Fadie, a graduate in Mechanical Engineering (2005), completed the six-day 250km race across the Sahara Desert in just over 31 hours of running, raising a small fortune for East Anglian Air Ambulance in the process.
Initially set to compete in 2020, Fadie’s adventure was delayed due to the pandemic, but he was finally able to put on his running shoes for the 2021 October start – over two years later than originally planned.
Recognised as one of the world’s toughest sporting challenges – both mentally and physically – Fadie called upon his Loughborough roots for physiological advice ahead of the race from colleagues in Loughborough Sports Performance Support Team.
“I contacted Loughborough back in 2019 and knowing that 2021 was going ahead I was all set,” he explained.
“I had four sessions in the heat chamber with the team that gradually built-up temperature wise to about 37 degrees Celsius with the backpack at race weight of 9kg. We also measured sweat rates in the sessions, and it showed that I was a very “sweaty” runner, losing net two litres of fluid in one hour of running.
“Rhona (Pearce) also introduced me to sodium loading which I think saved me in the first couple of days when temperatures hit 55 degrees on Day 1 and got even hotter in the dunes on Day 2.
“It was a simple recipe but certainly helped me not feel the effects of dehydration. The team, Rhona, Steven (Harris), and Karolina (Garbowska), were immense from the start.”
It was these key steps that helped Fadie stay focused when conditions, and the feat of competing, could have easily overpowered him as it did to 48 per cent of competitors who didn’t complete the race. In comparison, ‘normal’ dropout rates are usually under 10 per cent for the event.
“There were a few instances where I experienced overwhelming feelings, especially when I would finish a stage and be on my own for a period of time,” Fadie added.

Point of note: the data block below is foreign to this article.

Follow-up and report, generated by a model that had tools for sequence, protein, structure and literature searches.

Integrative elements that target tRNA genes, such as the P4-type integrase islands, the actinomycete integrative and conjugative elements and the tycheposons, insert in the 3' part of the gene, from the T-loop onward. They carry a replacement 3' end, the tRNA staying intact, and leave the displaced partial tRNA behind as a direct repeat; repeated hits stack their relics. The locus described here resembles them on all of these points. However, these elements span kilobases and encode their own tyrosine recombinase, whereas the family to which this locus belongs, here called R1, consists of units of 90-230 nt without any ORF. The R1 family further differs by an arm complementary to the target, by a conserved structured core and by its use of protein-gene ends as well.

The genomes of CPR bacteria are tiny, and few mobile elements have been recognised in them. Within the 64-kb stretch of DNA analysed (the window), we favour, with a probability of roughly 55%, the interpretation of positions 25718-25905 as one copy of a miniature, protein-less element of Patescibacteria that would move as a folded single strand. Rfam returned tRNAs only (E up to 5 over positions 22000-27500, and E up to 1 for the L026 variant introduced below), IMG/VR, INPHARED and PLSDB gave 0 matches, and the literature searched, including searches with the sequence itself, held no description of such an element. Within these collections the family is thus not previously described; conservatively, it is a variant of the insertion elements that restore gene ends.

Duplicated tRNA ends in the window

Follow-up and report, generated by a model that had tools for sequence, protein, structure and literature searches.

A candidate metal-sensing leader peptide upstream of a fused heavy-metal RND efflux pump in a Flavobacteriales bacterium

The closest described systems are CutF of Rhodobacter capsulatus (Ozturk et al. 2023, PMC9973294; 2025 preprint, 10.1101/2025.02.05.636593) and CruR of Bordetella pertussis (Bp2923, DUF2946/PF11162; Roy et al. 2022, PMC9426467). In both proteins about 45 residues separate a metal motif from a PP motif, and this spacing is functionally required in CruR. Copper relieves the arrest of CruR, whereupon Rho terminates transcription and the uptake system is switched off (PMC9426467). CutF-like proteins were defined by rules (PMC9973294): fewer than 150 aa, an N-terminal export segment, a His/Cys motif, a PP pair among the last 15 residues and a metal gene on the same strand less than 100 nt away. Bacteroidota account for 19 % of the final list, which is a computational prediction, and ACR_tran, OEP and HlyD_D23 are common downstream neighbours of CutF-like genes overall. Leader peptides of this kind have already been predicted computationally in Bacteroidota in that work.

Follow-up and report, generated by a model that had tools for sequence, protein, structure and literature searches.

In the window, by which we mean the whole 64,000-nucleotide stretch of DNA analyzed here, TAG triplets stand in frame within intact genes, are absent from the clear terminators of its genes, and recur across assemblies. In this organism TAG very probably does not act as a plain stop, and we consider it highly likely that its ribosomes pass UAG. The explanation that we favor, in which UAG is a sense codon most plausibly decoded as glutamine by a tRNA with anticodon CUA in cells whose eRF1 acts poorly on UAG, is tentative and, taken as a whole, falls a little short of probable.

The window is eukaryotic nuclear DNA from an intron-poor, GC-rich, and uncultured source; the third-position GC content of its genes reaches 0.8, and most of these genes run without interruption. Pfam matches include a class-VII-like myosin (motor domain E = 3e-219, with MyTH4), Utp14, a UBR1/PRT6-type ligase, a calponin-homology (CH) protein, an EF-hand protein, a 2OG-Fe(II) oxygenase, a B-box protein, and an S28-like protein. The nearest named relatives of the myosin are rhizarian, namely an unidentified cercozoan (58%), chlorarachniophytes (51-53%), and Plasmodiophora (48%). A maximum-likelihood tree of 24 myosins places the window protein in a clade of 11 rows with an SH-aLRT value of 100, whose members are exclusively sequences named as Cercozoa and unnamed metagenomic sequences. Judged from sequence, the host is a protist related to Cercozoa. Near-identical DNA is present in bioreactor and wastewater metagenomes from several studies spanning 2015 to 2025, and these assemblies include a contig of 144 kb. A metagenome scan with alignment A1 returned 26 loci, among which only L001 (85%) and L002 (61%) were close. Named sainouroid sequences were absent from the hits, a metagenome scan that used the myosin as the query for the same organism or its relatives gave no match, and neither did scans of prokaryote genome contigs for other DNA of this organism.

“It was important for me to put that days’ race behind me and not dwell too much on any mistakes I had made. I would move on to thinking about my tent mates making it back in one piece and ensuring I took on fluid and fuel to recover and get ready for the following day’s stage.
“I witnessed a full spectrum of emotions, from sadness across the bivouac when a competitor died on stage two, to happiness when completing the long day (double marathon) on stage four, which for me was the make-or-break day.
“This was followed by joy and pride when receiving my finishers’ medal, to an ‘emptiness’ and ‘what next’. We seem to be wired to not be satisfied with reaching goals and accomplishments and always wanting to do more!”
Despite experiencing a whole array of difficult emotions, Fadie also took solace in the natural beauty of his surroundings.
“One thing that struck me, which we don’t get to experience at home, was seeing the stars and Milky Way at night – it was special to see and a good reminder that we should try and disconnect from the everyday life and distractions.
“I have entered the 2022 edition too as I enjoyed the race so much, I just liked the basics of camp life. To a certain extent, it was a leveller in that all egos were left at Gatwick.”
After taking some time to reflect on his achievements, Fadie is now focused on the next event and will be once again supported by Loughborough colleagues.